Let us pray for a good memory about Bible promises. We shall find it an inestimable comfort. There are far more, and far wider promises laid down in Scripture for the comfort of Christ's people, than most of Christ's people are aware of. There are promises for almost every position in which we can be placed, and every event that can befall us. Among other promises, let us not forget that one which is now before us. We are sometimes called upon to go into company which is not congenial to us, and we go with a troubled and anxious heart. We fear saying what we ought not to say, and not saying what we ought. At such seasons, let us remember this blessed promise, and put our Master in remembrance of it also. So doing He will not fail us or forsake us. A mouth shall be given to us and wisdom to speak rightly--"The Holy Spirit shall teach us" what to say.
PARABLE OF THE RICH FOOL
The passage we have read now affords a singular instance of man's readiness to bring the things of this world into the midst of his religion. We are told that a certain hearer of our Lord asked Him to assist him about his temporal affairs. "Master," he said, "speak to my brother, that he divide the inheritance with me." He probably had some vague idea that Jesus was going to set up a kingdom in this world, and to reign upon earth. He resolves to make an early application about his own pecuniary matters. He entreats our Lord's arbitration about his earthly inheritance. Other hearers of Christ might be thinking of a portion in the world to come. This man was one whose chief thoughts evidently ran upon this present life.
How many hearers of the Gospel are just like this man! How many are incessantly planning and scheming about the things of time, even under the very sound of the things of eternity! The natural heart of man is always the same. Even the preaching of Christ did not arrest the attention of all His hearers. The minister of Christ in the present day must never be surprised to see worldliness and inattention in the midst of his congregation. The servant must not expect his sermons to be more valued than his Master's.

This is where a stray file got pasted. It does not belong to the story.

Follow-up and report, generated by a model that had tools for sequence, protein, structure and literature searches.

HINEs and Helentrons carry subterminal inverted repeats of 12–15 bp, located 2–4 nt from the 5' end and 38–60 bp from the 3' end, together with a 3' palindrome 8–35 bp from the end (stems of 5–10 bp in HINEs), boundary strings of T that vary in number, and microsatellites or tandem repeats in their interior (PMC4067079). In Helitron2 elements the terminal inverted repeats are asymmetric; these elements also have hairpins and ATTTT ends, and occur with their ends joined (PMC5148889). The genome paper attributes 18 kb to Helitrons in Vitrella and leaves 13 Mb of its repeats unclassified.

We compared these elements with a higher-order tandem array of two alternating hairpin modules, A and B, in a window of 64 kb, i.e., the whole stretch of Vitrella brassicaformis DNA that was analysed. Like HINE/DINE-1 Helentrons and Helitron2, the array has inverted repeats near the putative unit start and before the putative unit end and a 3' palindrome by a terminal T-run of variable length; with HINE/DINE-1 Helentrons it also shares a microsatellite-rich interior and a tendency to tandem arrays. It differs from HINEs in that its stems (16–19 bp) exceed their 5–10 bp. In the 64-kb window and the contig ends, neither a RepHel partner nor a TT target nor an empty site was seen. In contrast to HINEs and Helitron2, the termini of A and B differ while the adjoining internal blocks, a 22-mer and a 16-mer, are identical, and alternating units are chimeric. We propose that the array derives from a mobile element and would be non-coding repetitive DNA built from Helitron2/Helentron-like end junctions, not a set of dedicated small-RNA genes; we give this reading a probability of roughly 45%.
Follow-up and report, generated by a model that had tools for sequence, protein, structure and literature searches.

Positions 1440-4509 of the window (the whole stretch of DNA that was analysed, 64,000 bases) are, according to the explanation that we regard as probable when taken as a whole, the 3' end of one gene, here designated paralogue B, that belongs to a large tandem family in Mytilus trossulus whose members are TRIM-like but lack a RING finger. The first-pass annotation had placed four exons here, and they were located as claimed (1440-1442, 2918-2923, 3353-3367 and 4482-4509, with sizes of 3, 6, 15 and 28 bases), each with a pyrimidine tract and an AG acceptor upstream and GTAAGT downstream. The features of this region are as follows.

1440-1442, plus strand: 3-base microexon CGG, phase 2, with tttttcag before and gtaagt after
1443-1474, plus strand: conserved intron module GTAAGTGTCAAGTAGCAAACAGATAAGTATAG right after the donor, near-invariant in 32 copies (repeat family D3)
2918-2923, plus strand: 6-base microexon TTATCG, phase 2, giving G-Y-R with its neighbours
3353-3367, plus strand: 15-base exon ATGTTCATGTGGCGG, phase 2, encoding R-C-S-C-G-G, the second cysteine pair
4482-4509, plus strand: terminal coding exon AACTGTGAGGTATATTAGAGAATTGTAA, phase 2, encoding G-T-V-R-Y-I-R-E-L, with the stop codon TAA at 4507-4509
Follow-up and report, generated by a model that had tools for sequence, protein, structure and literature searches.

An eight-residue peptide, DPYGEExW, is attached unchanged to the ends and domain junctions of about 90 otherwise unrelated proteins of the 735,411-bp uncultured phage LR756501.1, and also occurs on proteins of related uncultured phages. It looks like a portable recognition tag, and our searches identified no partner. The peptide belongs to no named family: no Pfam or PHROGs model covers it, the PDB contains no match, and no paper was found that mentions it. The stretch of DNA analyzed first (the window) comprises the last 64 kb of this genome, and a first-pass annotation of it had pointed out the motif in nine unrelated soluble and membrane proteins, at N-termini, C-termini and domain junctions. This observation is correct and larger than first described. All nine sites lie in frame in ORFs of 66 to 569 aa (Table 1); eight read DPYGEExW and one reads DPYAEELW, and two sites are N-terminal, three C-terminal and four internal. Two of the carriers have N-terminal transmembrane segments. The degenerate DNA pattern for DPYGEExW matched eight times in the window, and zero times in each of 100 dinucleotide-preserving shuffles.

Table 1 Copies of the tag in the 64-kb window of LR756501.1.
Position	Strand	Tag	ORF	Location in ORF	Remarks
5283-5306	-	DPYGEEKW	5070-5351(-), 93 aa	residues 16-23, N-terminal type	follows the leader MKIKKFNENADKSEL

Let us mark in these verses what a solemn warning our Lord pronounces against covetousness. "He said unto them, take heed and beware of covetousness."
It would be vain to decide positively which is the most common sin in the world. It would be safe to say that there is none, at any rate, to which the heart is more prone, than covetousness. It was this sin which helped to cast down the angels who fell. They were not content with their first estate. They coveted something better. It was this sin which helped to drive Adam and Eve out of paradise, and bring death into the world. Our first parents were not satisfied with the things which God gave them in Eden. They coveted, and so they fell. It is a sin which, ever since the fall, has been the productive cause of misery and unhappiness upon earth. Wars, quarrels, strifes, divisions, envyings, disputes, jealousies, hatreds of all sorts, both public and private, may nearly all be traced up to this fountain-head.
Let the warning which our Lord pronounces, sink down into our hearts, and bear fruit in our lives. Let us strive to learn the lesson which Paul had mastered, when he says, "I have learned in whatever state I am therewith to be content." (Philippians 4:11.) Let us pray for a thorough confidence in God's superintending providence over all our worldly affairs, and God's perfect wisdom in all His arrangements concerning us. If we have little, let us be sure that it would be not good for us to have much. If the things that we have are taken away, let us be satisfied that there is a needs be. Happy is he who is persuaded that whatever is, is best, and has ceased from vain wishing, and become "content with such things as he has." (Hebrews 13:5.)